Opus of an Angel Review
Opus of an Angel is a drama about a suicidal man who finds a blind girl lost and wandering the streets of LA, torn between getting her home safely and keeping his appointment with death.
What is the value of one’s life? Is it contribution, personal growth, family, accumulation of wealth and possessions? These are questions the movies have posed to many characters who face a certain crisis, where the choice to end it all seems a better option than not. With Ali Zamani‘s latest drama Opus of an Angel, we travel once again with a man on the edge of a disturbing choice, a film that ponders the existential with a walk through LA, challenging us to think about our own personal journey.
In a sparse and almost clinically sterile home, Doctor Stephen Murphy (William McNamara) gloomily heads for the front door, stopping to acknowledge the tied noose rigged and ready for use in the kitchen. He then exits with only an agenda in his pocket, a list marked by time of the things he wants to accomplish for the day, including eating at a certain diner, withdrawing all his savings from the bank, and many others. The last stop is the kitchen, and a date with his own death. Problem is, on a deliberate stroll through the City of Angels, he comes upon a thirteen-year-old girl named Maria (Kaylynn Kubeldis), hit by a car and left on the street. She’s okay, but is separated from her classmates on a field trip. She’s also blind. Taken by her plight, Stephen allows her to follow him on his walk, hoping to get her to her teacher along the way. But will her inspirational look on life have him take another route?
The answer to most of what is going is right there in the title and Zamani doesn’t really hide the fact that Maria is a pretty special girl. Her impact on Stephen is initially slow, but it’s not long before her infectious attitude takes hold and he adopts a kind of guardianship of her while he searches for the others. And likewise, she does so for him. Naturally, by now, you’ve guessed that Opus of an Angel isn’t shying away from its faithful themes, something it revisits often, with a trip to a nun (Cindy Pickett) and a dark figure seemingly stalking him. It’s not aggressively preachy, despite the obviousness of its story, but clearly has a worthwhile and universal message.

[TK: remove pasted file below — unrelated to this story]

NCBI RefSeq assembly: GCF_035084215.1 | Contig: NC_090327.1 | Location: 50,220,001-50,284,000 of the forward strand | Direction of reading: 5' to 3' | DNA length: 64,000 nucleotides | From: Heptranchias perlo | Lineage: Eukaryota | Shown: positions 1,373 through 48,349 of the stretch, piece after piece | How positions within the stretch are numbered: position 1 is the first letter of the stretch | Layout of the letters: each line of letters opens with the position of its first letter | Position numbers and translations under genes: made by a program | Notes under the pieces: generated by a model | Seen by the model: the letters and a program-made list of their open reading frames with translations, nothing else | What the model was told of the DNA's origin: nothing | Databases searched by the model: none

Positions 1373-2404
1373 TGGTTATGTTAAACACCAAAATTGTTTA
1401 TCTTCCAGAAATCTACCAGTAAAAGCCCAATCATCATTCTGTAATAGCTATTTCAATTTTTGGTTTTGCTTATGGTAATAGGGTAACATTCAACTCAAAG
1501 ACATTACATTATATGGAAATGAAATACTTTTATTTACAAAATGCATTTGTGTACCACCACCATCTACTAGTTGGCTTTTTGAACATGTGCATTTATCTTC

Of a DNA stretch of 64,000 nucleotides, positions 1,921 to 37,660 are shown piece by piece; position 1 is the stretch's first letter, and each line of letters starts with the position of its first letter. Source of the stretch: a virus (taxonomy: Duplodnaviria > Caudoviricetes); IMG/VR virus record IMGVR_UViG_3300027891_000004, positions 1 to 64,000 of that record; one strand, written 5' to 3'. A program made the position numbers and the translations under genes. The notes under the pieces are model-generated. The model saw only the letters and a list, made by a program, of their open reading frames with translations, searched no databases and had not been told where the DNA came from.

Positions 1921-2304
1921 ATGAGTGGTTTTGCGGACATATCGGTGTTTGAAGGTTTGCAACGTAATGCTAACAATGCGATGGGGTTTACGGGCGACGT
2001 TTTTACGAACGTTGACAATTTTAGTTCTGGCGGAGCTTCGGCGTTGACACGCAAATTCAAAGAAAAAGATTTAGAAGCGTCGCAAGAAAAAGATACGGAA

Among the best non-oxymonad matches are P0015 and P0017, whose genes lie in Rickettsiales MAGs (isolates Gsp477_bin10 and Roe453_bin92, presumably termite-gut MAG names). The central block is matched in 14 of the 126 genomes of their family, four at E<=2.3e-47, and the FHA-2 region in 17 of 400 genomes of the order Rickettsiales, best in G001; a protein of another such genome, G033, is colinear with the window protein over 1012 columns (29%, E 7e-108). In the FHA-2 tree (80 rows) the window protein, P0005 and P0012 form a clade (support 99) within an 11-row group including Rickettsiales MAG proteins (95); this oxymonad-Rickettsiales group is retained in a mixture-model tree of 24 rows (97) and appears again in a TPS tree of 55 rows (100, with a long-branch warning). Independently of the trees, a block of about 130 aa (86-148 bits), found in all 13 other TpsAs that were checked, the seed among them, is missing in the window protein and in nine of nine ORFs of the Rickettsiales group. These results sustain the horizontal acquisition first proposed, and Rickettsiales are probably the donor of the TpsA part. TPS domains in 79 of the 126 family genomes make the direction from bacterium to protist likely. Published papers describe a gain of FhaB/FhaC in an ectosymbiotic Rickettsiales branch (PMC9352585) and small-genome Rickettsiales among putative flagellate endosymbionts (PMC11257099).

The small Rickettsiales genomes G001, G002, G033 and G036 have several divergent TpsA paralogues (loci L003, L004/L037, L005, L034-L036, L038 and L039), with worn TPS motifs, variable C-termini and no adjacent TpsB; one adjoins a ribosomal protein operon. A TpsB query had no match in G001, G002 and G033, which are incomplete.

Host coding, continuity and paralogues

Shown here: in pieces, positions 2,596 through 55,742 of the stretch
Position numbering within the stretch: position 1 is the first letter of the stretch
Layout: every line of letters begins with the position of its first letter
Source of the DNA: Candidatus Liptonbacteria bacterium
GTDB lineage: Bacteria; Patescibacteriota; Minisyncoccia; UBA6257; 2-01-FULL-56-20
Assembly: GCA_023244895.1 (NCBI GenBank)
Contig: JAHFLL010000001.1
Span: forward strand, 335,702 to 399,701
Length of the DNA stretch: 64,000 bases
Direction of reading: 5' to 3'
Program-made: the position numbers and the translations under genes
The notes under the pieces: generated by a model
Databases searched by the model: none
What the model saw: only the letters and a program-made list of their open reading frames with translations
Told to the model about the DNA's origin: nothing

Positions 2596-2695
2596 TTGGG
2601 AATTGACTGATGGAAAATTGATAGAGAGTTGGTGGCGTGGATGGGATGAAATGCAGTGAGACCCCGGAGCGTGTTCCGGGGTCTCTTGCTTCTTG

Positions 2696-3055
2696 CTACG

Kubeldis makes her debut here, an actual blind girl who is undeniably affecting. She has a kind of spontaneity about her that truly feels natural, a terrific little foil for Stephen. He’s a troubled fellow, a man haunted by a tragedy a year earlier that he’s not been able to overcome. He hopes to change that by revisiting landmarks of his past. Zamani takes an interesting approach in telling some of that past, painting the screen black with only audio clips of his memories to guide us, that is until the last ones, which finally reveal everything we’ve heard and the reason for his feelings of loss.
Opus of an Angel is a small film with a limited budget, quite obviously a project of great personal passion. Admittedly, it is sometimes stiff, and the pacing at times weakens the momentum, but there are equally good moments as well that find their mark. A touching moment in a cinema showing a classic Buster Keaton movie is a highlight, as are a few others late in the film when Stephen faces his demons. I really appreciate what Zamani is doing, and surely, it’s easy to get behind and be moved by the outcome. A high quality family film with a message of hope, it’s well worth a look.
Opus of an Angel is currently on the film festival circuit and is expected to be released later this year.
Opus of an Angel Review
Movie description: Opus of an Angel is a drama about a suicidal man who finds a blind girl lost and wandering the streets of LA, torn between getting her home safely and keeping his appointment with death
Director(s): Ali Zamani
Actor(s): William McNamara, Cindy Pickett, Jamison Newlander